Citation: LIU Yang, WANG Xin, ZHU Min, XU Ge Zhi. Clinical Characteristics of Macular Hole and Macular Epiretinal Membrane in Dominant and Nondominant Eyes[J]. Biomedical and Environmental Sciences, 2023, 36(1): 112-116. doi: 10.3967/bes2023.014
  • Ocular dominance (OD) is referred to the superiority of one eye over the other when the visual sense is produced [1]. This condition can be considered as a preference for the particular laterality of the eye during a mono-visual task or the relative contributions of visual signal transduction between eyes [2]. Empirically, OD tendencies are exhibited in habitual and subconscious behavior. Although active OD practices in daily life are not that wide and definite, their significance in clinical practice has gradually been found [3]. In 2003, Waheed found that eye dominance may be an important determinant of the visual handicap suffered by patients with unilateral macular holes (MH) [4]. Affected dominant eyes were more inclined to undergo surgery. The possible reason may be that the historically dominant eye was more symptomatically aware of binocular interference than the nondominant eye. Up to now, there is a lack of studies that compare the macular anatomic structure in the background of maculopathy between dominant and nondominant eyes; thus, we were interested in the possible differences. In this article, we included consecutive patients with MH or epiretinal membrane (ERM) eligible for operation and focused on the clinical characteristics in dominant versus nondominant eyes.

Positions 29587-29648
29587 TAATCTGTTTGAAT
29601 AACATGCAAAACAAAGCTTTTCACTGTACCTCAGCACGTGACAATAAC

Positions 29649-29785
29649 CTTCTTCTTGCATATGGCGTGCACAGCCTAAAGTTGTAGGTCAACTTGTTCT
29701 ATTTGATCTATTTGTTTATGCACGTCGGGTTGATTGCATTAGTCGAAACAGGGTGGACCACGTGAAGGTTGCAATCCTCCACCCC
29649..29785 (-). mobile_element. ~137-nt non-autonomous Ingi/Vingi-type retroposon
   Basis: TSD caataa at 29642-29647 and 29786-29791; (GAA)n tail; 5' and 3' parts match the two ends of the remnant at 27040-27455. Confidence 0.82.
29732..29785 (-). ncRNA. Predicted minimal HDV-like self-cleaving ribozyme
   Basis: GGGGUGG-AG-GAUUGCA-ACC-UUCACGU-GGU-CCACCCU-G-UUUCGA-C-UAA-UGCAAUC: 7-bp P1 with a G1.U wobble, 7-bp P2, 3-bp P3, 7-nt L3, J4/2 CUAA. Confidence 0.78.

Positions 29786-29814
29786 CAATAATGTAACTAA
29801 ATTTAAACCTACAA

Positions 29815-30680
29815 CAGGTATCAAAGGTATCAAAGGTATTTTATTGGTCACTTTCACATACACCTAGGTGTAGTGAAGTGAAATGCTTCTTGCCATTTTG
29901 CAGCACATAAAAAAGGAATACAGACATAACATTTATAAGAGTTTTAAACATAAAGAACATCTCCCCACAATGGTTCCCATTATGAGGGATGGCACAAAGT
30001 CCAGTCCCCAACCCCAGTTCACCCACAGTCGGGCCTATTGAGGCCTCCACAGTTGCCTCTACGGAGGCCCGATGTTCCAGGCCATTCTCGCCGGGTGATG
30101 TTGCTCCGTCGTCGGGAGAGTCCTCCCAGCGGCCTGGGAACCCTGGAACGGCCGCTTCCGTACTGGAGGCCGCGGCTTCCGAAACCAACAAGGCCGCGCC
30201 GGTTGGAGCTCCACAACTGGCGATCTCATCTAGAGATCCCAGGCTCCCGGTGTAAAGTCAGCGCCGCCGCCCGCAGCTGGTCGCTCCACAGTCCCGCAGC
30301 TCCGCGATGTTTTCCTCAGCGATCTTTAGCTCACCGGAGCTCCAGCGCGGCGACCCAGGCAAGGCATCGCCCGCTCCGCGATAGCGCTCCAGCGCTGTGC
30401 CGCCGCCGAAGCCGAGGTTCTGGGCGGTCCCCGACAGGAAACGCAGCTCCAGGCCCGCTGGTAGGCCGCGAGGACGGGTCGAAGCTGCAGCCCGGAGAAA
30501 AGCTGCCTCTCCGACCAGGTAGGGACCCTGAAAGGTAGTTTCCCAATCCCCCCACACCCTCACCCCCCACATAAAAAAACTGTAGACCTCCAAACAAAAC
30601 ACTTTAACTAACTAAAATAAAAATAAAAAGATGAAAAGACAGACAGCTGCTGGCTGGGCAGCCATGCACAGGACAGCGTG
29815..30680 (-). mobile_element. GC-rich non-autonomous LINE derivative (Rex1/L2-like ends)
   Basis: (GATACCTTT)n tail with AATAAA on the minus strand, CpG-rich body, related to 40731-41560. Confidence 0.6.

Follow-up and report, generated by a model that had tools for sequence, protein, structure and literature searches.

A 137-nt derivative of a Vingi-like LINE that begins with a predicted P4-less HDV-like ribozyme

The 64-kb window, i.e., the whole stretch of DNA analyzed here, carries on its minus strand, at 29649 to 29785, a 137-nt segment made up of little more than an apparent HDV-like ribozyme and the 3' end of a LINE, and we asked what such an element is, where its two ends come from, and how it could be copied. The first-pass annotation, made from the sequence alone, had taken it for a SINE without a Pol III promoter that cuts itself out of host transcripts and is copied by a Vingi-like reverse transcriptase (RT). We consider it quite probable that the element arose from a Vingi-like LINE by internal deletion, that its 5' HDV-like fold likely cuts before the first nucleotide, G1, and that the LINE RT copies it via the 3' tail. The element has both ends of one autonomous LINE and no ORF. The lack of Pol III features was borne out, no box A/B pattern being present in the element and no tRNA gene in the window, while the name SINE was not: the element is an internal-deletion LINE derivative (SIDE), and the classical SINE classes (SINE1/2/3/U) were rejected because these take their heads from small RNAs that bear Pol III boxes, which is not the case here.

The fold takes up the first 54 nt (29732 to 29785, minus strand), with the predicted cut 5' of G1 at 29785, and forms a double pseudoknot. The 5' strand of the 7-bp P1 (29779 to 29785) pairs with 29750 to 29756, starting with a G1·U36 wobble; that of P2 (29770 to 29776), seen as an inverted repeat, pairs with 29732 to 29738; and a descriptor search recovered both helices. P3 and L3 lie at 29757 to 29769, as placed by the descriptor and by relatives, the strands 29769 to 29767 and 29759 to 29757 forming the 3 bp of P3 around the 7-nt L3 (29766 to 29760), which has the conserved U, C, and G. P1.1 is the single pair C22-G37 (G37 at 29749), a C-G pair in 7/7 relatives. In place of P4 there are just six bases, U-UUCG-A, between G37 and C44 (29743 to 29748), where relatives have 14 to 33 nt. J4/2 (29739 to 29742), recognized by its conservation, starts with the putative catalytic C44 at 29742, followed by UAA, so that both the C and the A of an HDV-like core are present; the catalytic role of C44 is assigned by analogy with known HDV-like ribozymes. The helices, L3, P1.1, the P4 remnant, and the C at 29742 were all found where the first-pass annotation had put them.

This research was reviewed by an independent ethical review board and adhered to the applicable principles and guidelines for protecting human subjects in biomedical research. This cross-sectional study was performed at the Department of Ophthalmology, Eye & ENT Hospital of Fudan University, Shanghai, China. Consecutive patients afflicted with idiopathic MH or ERM requiring pars plana vitrectomy surgery from January 2021 to September 2021 were recruited in this study. This study was conducted following the tenets of the Declaration of Helsinki. The patient inclusion criteria were 1) symptoms of visual impairment, loss of central visual acuity, or metamorphopsia (micropsia or macropsia); 2) unilateral MH or ERM manifestations confirmed by optical coherence tomography (OCT); and 3) laterality of OD tested by “hole-in-card” test. The exclusion criteria were 1) any other maculopathy, such as choroidal neovascularization, pathologic myopia, or inherited maculopathy; 2) secondary MH or ERM caused by uveitis, tractional retinopathy, or retinal vasculopathy; 3) the history of ocular trauma or surgeries, except cataract surgery; and 4) the history of retinal photocoagulation or cryocoagulation. The basic demographics were reviewed for all recruited patients, including name, sex, age, and duration of symptoms. The duration of the symptom was the time beginning from the moment of the patients’ first awareness of visual impairment. The clinical records included best-corrected visual acuity (BCVA) in logarithms of the minimum angle of resolution (logMAR), OCT measurements, disease laterality, and OD. The OCT was performed using the Spectralis® HRA + OCT system (Heidelberg Engineering, Heidelberg, Germany). The MH measurements included the minimum diameter at the nearest ends of the broken retinal tissue and the base diameter between the ends of the retinal tissue at the upper bound of the retinal pigment epithelial layer. The central macular thickness (CMT) in ERM was assessed by manually measuring the distance between the internal limiting membrane and the retinal pigment epithelium in the central fovea. Both horizontal and vertical scans across the central fovea were performed to obtain the average OCT measurement values. The sighting dominance was determined by the “hole-in-card” test [3]. The subject holds a rectangular card with a round hole in the center at the length of the arm. Then, the subject tries to view a single small letter on a visual chart through the round hole at a 6 m distance. The examiner covers either eye of the subject, and the dominant eye continues to see the letter. The OD laterality was established by three successive consistent trials with the same outcomes. All data analyses were performed using GraphPad Prism 8.0 (GraphPad Software Inc., La Jolla, CA, USA). The data fit the normal distribution displayed by average ± standard deviation. When the data does not follow a normal distribution, the data were displayed by a median and 25th percentile value (P25) to 75th percentile value (P75), the nonparametric Wilcoxon signed-rank test was used to compare differences, and the Spearman correlation analysis was used to evaluate the underlying relations. A P < 0.05 was considered to indicate statistical significance.